Riddell, Scheffler contribute to freedom of speech title

Riddell, Scheffler contribute to freedom of speech title

Illustrators such as Chris Riddell [pictured], Axel Scheffler and Peter Sís have contributed to a book defending freedom of speech after the terror attack on Charlie Hebdo in France.

The book will be published on the 12th February by German children’s publisher Aladin and is entitled Illustrators Defend Freedom of Speech, or Zeichner Verteidigen Die Meinungs Freiheit in German.

Publisher Klaus Humann said created the book in response to last month’s terror attack on the offices of French satirical magazine Charlie Hebdo, which saw 12 people lose their lives. 

“After what happened in Paris I thought it would be a good idea to collect the best cartoons about the event, but then I thought no, we’re a children’s publisher so why not ask what our illustrators thought about the situation,” he told The Bookseller. “We wanted to show what kind of a weapon a pencil is and how powerful it can be. There are a variety of pictures – some provoke, some are more sad. It shows the mixed feelings there are about what happened.”

He added: “I was not really a fan of Charlie Hebdo but they have to have the right to express their feelings, even if I don’t agree with most of their pictures.”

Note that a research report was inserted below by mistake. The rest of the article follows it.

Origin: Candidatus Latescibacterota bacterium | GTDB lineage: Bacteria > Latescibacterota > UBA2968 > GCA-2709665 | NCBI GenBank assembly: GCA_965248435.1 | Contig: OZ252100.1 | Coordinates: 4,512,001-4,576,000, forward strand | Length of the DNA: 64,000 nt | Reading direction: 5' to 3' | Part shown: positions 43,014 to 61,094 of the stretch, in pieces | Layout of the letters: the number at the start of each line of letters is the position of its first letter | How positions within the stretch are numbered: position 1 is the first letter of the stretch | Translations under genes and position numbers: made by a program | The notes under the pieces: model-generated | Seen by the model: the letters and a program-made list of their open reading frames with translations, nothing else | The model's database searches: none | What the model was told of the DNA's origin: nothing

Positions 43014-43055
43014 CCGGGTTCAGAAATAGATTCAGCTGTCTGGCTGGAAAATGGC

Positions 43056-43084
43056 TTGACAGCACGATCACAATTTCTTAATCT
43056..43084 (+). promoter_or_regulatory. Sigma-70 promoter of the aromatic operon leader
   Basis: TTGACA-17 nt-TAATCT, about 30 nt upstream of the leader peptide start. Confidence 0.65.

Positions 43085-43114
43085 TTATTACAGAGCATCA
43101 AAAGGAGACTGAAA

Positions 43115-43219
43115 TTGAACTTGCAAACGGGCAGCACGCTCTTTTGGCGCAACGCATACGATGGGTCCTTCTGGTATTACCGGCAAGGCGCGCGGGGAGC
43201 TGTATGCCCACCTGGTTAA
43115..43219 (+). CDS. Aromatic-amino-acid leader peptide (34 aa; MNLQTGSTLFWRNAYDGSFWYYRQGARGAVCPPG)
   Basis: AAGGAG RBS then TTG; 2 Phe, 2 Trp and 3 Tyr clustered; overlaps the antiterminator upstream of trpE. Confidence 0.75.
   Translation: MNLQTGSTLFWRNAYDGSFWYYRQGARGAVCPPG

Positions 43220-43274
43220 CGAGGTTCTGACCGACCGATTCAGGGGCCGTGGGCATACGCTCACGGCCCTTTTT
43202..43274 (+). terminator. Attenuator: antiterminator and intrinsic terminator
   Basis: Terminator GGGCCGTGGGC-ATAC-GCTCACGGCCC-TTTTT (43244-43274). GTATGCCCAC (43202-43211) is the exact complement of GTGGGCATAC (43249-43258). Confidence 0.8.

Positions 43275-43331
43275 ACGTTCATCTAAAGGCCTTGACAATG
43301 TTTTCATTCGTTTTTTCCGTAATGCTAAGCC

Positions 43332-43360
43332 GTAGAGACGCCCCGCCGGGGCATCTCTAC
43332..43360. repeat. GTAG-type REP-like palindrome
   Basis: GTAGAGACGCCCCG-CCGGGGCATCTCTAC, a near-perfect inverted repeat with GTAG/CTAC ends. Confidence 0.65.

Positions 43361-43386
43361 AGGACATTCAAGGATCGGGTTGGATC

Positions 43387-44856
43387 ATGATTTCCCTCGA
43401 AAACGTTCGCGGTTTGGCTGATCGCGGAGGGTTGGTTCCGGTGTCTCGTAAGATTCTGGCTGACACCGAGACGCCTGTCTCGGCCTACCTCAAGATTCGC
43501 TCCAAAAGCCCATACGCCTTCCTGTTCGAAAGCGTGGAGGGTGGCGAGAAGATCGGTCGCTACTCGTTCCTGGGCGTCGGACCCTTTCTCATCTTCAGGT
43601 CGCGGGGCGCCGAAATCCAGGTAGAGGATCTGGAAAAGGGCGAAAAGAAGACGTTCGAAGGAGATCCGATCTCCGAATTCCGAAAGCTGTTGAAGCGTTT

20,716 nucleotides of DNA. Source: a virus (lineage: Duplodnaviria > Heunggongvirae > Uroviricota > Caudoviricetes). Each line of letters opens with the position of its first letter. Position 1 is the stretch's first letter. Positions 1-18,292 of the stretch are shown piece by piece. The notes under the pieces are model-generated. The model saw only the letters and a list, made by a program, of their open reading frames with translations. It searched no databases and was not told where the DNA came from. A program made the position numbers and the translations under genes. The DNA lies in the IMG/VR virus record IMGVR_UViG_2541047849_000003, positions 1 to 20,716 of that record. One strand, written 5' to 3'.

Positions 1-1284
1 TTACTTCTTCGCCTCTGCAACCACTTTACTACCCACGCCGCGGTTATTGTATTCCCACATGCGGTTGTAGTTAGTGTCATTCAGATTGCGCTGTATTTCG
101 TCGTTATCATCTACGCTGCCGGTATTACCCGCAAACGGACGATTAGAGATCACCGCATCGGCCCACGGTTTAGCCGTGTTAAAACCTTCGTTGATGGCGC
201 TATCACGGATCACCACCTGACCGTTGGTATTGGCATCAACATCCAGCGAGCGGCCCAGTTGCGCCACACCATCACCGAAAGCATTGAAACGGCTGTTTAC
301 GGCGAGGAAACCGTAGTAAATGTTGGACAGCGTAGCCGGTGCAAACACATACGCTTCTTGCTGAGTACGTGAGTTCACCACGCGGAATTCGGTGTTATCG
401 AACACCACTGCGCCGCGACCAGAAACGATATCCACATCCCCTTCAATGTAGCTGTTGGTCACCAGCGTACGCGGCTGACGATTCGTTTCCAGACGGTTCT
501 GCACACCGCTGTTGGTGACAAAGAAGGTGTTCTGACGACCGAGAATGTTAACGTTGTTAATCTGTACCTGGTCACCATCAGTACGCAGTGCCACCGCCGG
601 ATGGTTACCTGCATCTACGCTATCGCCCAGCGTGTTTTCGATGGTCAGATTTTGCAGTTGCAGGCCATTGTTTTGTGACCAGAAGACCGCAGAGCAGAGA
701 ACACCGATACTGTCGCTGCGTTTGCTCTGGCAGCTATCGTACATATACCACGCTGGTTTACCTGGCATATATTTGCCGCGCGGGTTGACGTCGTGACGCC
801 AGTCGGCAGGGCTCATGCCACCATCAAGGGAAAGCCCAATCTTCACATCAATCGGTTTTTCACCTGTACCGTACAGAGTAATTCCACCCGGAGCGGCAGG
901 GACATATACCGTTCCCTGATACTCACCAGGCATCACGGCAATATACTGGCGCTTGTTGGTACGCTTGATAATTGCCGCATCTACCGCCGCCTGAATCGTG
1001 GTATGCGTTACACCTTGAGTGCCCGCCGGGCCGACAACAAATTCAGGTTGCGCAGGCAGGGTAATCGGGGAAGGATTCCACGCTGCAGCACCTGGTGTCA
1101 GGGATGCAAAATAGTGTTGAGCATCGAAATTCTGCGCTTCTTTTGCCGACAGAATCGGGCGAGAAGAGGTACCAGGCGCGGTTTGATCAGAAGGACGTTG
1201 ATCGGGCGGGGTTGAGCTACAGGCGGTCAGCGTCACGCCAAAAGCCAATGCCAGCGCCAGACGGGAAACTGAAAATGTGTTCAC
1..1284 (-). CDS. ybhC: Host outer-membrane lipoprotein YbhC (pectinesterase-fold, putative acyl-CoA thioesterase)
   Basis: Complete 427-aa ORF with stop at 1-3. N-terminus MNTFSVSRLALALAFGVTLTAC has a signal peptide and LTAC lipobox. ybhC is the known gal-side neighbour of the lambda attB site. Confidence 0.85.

The book has 29 illustrations in total from artists based in Germany, the UK, France Belgium and Australia and the US.

The Riddell drawing shows Marianne, the symbol of the French Republic, protecting an illustrator [below], while the Scheffler illustration features various animals showing support for other creatures and using pencils to cross divides. Some are more provocative and the first image in the book, by the artist Atak, shows two children reading Hitler’s Mein Kampf.

The book will retail at €12.90 and all profits will go to PEN’s Writers in Prison programme in Germany. “Everyone worked for free on it, even the printers and the paper suppliers, so there will be a lot of donations going to PEN,” said Humann.

Aladin plans to only publish the book in Germany at the moment, rather than sell translation rights abroad, but Humann said: “There are not a lot of words in the book so I’m sure people will buy it online from all over the world.”